Immunol Lett 2002 Apr 1;81(1):25-9
Okuda Y, Okuda M, Bernard CC.
Department of Biochemistry, Neuroimmunology Laboratory, La Trobe University, Vic., 3083, Bundoora, Australia
Multiple sclerosis (MS), an inflammatory demyelinating disease of the central nervous system (CNS), is more prevalent in females than males.
It is well documented that a significant gender difference exits in the susceptibility of mice to develop experimental autoimmune encephalomyelitis (EAE), a model of MS, induced by myelin basic protein or proteolipid protein.
In contrast, we report here that no significant difference between female mice and male mice with myelin oligodendrocyte glycoprotein (MOG)-induced EAE was observed in the incidence of disease, clinical course, histological findings in the CNS, T cell response and cytokine production of spleen cells to MOG, and anti-MOG IgG level in serum.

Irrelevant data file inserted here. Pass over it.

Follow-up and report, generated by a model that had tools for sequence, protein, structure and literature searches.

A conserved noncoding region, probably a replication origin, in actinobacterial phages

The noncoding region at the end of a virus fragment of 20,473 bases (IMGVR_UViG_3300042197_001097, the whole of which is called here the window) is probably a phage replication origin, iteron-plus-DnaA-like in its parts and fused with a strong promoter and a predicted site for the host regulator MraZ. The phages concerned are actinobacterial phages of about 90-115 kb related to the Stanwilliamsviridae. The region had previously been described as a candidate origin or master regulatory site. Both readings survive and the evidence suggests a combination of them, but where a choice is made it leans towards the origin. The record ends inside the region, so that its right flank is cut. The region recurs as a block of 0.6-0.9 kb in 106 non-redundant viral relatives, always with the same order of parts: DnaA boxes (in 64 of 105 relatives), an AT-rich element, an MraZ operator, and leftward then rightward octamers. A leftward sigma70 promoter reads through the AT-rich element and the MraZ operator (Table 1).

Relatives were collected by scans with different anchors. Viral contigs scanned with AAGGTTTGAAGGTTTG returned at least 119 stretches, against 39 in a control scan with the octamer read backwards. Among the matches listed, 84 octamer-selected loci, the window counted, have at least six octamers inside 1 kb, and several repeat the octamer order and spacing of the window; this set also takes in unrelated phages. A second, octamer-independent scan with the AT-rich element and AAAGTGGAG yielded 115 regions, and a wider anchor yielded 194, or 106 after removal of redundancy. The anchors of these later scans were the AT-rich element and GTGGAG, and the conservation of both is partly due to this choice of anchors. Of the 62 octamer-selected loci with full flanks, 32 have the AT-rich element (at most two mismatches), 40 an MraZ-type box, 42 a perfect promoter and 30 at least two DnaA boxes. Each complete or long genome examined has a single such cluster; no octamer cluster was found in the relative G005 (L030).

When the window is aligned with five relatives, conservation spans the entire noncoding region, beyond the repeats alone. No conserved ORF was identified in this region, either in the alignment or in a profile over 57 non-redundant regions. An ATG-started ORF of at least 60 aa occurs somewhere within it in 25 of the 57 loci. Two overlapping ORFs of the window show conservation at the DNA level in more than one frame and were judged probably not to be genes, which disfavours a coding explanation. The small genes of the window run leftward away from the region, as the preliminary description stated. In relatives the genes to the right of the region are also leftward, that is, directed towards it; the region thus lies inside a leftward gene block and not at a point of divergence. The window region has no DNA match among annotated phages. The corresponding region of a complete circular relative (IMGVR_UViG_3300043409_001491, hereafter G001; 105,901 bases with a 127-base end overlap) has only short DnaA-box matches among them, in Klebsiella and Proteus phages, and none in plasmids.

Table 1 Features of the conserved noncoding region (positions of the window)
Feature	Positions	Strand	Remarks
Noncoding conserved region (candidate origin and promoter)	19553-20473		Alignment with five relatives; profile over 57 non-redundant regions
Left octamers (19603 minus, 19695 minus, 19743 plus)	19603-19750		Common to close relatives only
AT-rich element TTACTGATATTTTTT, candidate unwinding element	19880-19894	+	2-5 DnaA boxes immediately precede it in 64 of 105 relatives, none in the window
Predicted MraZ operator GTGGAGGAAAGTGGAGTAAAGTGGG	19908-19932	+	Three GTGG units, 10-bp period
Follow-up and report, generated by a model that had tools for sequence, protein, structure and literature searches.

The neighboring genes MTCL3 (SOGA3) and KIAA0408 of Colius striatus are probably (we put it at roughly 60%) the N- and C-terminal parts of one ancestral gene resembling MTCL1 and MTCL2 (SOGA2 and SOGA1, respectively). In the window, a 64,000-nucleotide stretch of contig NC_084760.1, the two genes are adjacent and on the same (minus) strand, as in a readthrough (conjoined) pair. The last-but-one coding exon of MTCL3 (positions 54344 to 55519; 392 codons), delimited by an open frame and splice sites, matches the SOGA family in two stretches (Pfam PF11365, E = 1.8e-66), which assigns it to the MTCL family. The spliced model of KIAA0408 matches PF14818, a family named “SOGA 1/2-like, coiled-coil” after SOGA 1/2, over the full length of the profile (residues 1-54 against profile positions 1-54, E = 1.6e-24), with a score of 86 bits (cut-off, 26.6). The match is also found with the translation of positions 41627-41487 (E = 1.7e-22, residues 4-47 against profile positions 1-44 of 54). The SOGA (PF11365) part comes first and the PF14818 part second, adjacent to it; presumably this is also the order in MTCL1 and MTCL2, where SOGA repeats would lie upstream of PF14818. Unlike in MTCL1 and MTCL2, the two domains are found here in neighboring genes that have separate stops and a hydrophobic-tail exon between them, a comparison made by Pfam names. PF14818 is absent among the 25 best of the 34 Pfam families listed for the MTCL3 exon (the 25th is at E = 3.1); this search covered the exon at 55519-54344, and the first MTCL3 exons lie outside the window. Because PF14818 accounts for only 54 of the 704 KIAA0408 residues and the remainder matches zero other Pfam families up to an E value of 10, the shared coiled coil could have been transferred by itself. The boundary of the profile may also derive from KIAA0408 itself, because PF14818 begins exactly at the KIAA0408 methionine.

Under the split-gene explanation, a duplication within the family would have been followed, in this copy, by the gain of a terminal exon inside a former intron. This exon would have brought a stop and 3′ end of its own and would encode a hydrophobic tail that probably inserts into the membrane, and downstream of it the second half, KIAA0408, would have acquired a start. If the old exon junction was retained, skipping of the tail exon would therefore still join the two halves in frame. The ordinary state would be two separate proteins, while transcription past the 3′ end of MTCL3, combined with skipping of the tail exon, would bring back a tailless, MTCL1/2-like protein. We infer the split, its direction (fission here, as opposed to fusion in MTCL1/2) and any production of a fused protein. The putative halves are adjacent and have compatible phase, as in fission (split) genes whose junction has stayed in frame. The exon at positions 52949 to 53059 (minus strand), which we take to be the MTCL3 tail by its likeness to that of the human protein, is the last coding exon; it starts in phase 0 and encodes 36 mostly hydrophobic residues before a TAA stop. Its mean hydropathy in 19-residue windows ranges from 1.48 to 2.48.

These results suggest that gender-related difference in EAE depends on the encephalitogen and/or the strain of animals used.
Given that MOG is a putative pathogenic myelin antigen in MS, the present findings may have implications for the pathogenesis of this disease.